Financial Planning | Investing | Personal Finance | Article

Will You… Take A Joint Loan with Me?

by The Simple Sum Team | 25 May 2023 | 4 mins read

You’ve just tied the knot and now you’re thinking about the next step in your relationship journey – buying a home

Buying a home is a massive financial undertaking that could wipe out your savings if only one of you were footing the expense. So, you may consider getting a joint home loan with your spouse to finance your home purchase.  

But although a joint home loan offers shared ownership and the opportunity to fulfil your dreams of homeownership together, there are risks involved that can potentially lead to financial strain. So, to help you make an informed financial decision that suits both your home aspirations and financial well-being, consider these advantages and risks before you start filling out those loan applications.   


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How can a joint loan benefit you? 


Bigger loan amount 

One of the biggest advantages of applying for a joint loan is that you will be able to obtain a higher loan amount than if you were taking an individual loan.  

Banks use Debt Servicing Ratio to determine whether you can afford the loan you’re applying for, and how capable you are in repaying that loan. Based on your net income and your existing debt obligations, banks assess how big a loan to give you. So, combining two incomes increases the total amount you can borrow.  

This can be helpful if you are looking to buy a bigger or more expensive home. 


Higher success rate for loan approval 

Joint housing loans generally have a higher approval rate because the risk of a loan default is lower when there are two borrowers, compared to one. 


Better interest rates 

Lenders such as banks may offer more favourable interest rates for joint home loans as the lender’s recovery risk is lower with two parties compared to individual loans.  


Shared costs 

Taking a joint home loan with someone enables co-owners to split costs and fees such as the down payment, legal fees, stamp duty, land tax and maintenance.  

As all these costs are shared and not shouldered by just one person, it can help reduce an individual’s financial burden.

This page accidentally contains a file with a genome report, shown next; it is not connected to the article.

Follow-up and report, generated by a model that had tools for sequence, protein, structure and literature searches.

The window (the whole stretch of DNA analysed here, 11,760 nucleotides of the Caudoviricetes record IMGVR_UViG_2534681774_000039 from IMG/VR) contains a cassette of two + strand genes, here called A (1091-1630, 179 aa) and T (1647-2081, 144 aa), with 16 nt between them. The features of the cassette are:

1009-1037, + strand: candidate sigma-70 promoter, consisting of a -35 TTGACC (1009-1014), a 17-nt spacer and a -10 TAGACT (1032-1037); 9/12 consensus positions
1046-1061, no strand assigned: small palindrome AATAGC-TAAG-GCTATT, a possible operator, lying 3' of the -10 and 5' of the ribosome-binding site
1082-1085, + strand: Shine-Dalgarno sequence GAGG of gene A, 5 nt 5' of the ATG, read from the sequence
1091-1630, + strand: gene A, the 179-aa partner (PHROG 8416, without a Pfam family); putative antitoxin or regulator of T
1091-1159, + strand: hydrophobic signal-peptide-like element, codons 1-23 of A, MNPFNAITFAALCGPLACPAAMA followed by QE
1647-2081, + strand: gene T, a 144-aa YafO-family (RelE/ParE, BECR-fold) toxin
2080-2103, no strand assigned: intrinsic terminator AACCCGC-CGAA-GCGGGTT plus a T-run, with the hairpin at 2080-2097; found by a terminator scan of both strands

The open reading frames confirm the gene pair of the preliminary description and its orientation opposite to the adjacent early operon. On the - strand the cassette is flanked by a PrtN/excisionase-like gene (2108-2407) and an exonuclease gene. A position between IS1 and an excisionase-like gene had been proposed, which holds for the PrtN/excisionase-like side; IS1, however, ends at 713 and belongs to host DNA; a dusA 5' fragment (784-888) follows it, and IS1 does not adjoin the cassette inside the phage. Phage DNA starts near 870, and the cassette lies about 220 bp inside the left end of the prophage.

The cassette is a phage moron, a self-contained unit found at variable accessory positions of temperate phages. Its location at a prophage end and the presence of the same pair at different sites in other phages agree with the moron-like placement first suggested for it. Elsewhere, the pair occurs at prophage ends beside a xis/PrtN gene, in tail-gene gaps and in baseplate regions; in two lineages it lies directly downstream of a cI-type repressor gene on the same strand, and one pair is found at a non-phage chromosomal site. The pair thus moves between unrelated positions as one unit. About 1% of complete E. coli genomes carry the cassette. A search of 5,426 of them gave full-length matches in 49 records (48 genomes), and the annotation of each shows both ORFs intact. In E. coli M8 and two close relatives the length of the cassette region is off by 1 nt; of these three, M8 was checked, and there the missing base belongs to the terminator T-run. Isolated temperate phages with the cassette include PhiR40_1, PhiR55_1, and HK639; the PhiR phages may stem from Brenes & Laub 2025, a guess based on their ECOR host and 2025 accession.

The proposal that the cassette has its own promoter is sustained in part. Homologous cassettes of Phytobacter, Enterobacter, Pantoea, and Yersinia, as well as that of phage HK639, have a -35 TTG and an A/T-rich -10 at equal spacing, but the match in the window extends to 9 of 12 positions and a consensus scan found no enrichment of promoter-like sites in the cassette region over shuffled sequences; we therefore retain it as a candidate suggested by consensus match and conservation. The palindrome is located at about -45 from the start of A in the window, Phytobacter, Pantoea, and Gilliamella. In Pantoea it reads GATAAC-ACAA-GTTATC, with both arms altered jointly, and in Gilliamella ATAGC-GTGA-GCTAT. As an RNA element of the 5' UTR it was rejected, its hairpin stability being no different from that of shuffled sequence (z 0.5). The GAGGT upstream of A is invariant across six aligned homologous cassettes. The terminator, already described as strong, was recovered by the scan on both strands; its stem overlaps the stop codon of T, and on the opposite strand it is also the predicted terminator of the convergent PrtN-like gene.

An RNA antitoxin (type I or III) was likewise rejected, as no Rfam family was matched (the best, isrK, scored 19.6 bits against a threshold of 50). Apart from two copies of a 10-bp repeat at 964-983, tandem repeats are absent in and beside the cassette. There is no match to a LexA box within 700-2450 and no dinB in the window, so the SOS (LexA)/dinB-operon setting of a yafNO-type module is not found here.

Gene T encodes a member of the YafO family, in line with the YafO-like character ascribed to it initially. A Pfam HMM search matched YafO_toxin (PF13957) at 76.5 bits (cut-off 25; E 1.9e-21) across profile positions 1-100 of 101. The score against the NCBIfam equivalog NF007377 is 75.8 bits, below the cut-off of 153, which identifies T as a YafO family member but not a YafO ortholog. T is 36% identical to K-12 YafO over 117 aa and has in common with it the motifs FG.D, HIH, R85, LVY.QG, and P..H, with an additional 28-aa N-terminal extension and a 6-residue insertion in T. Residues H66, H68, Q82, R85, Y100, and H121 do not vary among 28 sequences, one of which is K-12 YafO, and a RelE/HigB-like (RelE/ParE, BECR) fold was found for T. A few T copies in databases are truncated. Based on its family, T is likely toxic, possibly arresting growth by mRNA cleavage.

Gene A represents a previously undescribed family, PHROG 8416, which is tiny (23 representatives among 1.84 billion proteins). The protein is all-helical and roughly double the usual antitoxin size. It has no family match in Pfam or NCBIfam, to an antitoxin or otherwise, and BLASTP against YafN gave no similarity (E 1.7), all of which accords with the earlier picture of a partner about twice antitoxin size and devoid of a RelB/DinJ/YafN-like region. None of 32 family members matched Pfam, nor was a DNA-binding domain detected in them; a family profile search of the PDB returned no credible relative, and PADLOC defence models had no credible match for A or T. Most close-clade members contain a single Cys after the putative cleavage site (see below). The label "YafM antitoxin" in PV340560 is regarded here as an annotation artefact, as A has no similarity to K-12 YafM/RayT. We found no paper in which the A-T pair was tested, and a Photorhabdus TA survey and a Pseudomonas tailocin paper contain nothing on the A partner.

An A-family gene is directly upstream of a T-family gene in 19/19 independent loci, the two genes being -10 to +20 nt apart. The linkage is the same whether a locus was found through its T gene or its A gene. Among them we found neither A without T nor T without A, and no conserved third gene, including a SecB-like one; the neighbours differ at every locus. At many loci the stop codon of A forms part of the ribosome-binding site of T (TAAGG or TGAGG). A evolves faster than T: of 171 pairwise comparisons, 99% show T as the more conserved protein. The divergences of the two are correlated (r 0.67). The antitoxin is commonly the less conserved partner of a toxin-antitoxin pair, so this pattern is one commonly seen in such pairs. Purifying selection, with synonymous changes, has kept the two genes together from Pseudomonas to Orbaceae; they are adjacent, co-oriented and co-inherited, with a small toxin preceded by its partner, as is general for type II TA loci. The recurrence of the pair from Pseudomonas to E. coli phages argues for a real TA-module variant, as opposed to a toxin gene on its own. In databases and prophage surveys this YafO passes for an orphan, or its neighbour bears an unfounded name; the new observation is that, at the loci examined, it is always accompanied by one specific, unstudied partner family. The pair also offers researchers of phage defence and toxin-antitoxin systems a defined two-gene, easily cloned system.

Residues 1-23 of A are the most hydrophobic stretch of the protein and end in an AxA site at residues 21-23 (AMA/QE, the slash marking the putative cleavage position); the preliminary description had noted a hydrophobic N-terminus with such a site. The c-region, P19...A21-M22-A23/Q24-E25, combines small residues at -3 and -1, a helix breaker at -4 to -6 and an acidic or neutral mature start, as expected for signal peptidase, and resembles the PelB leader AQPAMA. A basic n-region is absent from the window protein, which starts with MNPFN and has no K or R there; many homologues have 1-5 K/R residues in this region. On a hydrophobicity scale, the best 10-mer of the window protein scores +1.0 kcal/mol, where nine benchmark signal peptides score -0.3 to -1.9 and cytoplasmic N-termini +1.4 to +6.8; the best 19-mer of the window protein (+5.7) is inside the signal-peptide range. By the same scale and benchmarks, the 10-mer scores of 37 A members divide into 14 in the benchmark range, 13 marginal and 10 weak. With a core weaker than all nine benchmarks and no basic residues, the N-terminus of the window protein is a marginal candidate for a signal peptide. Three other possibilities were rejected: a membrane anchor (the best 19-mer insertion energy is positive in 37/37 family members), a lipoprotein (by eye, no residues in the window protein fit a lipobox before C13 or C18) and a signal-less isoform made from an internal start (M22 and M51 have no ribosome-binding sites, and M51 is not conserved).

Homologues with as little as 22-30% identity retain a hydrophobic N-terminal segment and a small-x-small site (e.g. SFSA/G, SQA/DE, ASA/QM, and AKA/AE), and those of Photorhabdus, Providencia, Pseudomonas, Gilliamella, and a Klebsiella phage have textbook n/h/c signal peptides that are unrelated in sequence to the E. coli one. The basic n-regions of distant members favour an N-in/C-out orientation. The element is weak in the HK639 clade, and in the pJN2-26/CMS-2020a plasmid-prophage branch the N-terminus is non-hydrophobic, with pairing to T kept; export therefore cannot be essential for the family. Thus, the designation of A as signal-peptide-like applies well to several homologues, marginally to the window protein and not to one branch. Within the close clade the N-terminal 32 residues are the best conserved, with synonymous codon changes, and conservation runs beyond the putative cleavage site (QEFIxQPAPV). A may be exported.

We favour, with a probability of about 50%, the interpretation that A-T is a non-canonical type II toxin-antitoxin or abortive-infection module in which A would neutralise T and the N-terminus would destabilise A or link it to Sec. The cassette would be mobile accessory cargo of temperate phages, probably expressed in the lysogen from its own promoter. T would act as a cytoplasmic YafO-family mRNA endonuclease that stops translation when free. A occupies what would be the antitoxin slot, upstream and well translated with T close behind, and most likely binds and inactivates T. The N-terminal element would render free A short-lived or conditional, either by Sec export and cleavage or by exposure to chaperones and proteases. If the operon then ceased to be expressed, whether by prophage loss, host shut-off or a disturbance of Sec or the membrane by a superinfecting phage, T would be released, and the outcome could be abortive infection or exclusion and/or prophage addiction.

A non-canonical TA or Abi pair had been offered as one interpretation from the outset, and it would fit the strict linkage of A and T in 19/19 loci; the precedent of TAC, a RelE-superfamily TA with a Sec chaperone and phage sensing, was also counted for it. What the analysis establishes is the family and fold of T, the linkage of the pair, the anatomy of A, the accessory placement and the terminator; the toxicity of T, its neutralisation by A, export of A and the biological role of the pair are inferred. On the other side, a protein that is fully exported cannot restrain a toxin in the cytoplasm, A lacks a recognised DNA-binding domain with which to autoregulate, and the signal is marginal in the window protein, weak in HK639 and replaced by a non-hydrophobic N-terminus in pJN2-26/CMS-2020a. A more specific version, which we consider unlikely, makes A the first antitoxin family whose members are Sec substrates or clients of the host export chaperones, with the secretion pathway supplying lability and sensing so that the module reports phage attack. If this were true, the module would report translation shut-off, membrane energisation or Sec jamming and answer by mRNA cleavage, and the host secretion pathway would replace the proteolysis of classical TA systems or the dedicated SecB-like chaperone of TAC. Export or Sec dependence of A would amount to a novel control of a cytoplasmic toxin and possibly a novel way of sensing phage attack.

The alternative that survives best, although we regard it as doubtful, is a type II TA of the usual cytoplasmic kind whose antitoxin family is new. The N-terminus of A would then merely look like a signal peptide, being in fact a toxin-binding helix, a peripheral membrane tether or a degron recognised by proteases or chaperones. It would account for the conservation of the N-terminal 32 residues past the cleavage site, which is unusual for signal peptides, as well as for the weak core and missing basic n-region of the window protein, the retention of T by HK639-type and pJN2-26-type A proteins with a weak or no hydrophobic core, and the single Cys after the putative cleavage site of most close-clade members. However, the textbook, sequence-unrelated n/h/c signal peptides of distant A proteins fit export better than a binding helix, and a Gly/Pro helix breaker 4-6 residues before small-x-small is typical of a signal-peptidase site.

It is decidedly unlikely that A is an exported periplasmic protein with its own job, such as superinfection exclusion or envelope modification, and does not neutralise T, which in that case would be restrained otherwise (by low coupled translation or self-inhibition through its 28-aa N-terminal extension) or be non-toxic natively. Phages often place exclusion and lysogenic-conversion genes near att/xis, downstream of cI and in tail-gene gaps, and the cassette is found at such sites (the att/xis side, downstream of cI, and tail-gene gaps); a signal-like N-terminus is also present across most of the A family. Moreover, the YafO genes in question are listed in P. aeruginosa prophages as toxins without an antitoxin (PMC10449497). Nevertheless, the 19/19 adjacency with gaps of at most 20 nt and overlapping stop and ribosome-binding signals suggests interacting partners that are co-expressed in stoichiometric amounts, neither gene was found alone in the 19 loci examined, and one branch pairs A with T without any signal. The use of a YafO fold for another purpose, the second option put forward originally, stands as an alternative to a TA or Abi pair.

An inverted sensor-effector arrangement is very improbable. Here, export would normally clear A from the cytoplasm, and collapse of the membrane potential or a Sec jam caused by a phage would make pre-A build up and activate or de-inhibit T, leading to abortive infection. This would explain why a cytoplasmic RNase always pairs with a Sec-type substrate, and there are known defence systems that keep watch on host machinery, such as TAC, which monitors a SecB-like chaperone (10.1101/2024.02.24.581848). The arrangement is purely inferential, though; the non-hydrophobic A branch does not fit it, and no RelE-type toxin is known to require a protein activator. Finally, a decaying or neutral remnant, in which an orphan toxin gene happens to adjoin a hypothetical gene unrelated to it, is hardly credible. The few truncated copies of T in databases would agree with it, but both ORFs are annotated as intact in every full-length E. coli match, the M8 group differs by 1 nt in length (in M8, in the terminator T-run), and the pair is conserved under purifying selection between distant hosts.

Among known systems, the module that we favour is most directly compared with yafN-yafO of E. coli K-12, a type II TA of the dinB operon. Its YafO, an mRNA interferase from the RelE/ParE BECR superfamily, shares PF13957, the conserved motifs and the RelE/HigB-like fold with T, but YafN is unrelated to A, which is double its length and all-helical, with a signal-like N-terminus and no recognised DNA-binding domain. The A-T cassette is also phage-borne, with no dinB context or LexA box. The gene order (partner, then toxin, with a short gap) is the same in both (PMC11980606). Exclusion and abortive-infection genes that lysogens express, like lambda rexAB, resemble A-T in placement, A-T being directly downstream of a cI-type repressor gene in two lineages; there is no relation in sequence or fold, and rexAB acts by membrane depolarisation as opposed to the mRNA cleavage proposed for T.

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Be wary of these factors 


All applicants must have good credit scores 

When you apply for a joint home loan, all applicants’ credit scores will be taken into account. If one of the applicants doesn’t have a good credit score, the loan application is likely to get rejected, which is a disadvantage to an individual who has a good credit score.  


Miss out on government initiatives  

There are numerous housing initiatives to help first-time homeowners in Malaysia. However, if you apply for a joint loan, you might forego any opportunity both of you have to benefit from first-time buyer initiatives.  For instance, if you and your spouse are first-time home buyers and are applying for a joint home loan together, only one of you will be able to benefit from the incentives. And if either one of you wants to buy another house down the road, you won’t be eligible for the first-time buyer initiatives anymore.  


Future loan considerations 

You can get up to 90% financing for your first and second home. If you take a joint loan, you and your spouse can only have two houses with a 90% loan as opposed to four houses if you opted for a personal loan. Your third and subsequent loan will only give you 70% financing. 


Everyone has to consent on decisions 

As you share ownership of the property, you cannot choose to rent it out or sell it if the other party doesn’t agree to it.  

If you want to sell the property and the other party doesn’t want to, you may have to buy out their share of the property, or come to an agreement. 


Affected by someone else’s financial mismanagement 

While sharing financial responsibility can be a good thing, it also means that you’ll both be responsible for paying back the total amount of the loan, not just your half.  

If one borrower doesn’t pay their share of the loan diligently, or if one partner passes away, the other co-borrower will be held responsible to furnish the total instalment on their own.  

If borrowers are unable to service the total instalment amount every month, resulting in loan default, the credit history of all parties will take a hit. The property can also be seized by the bank.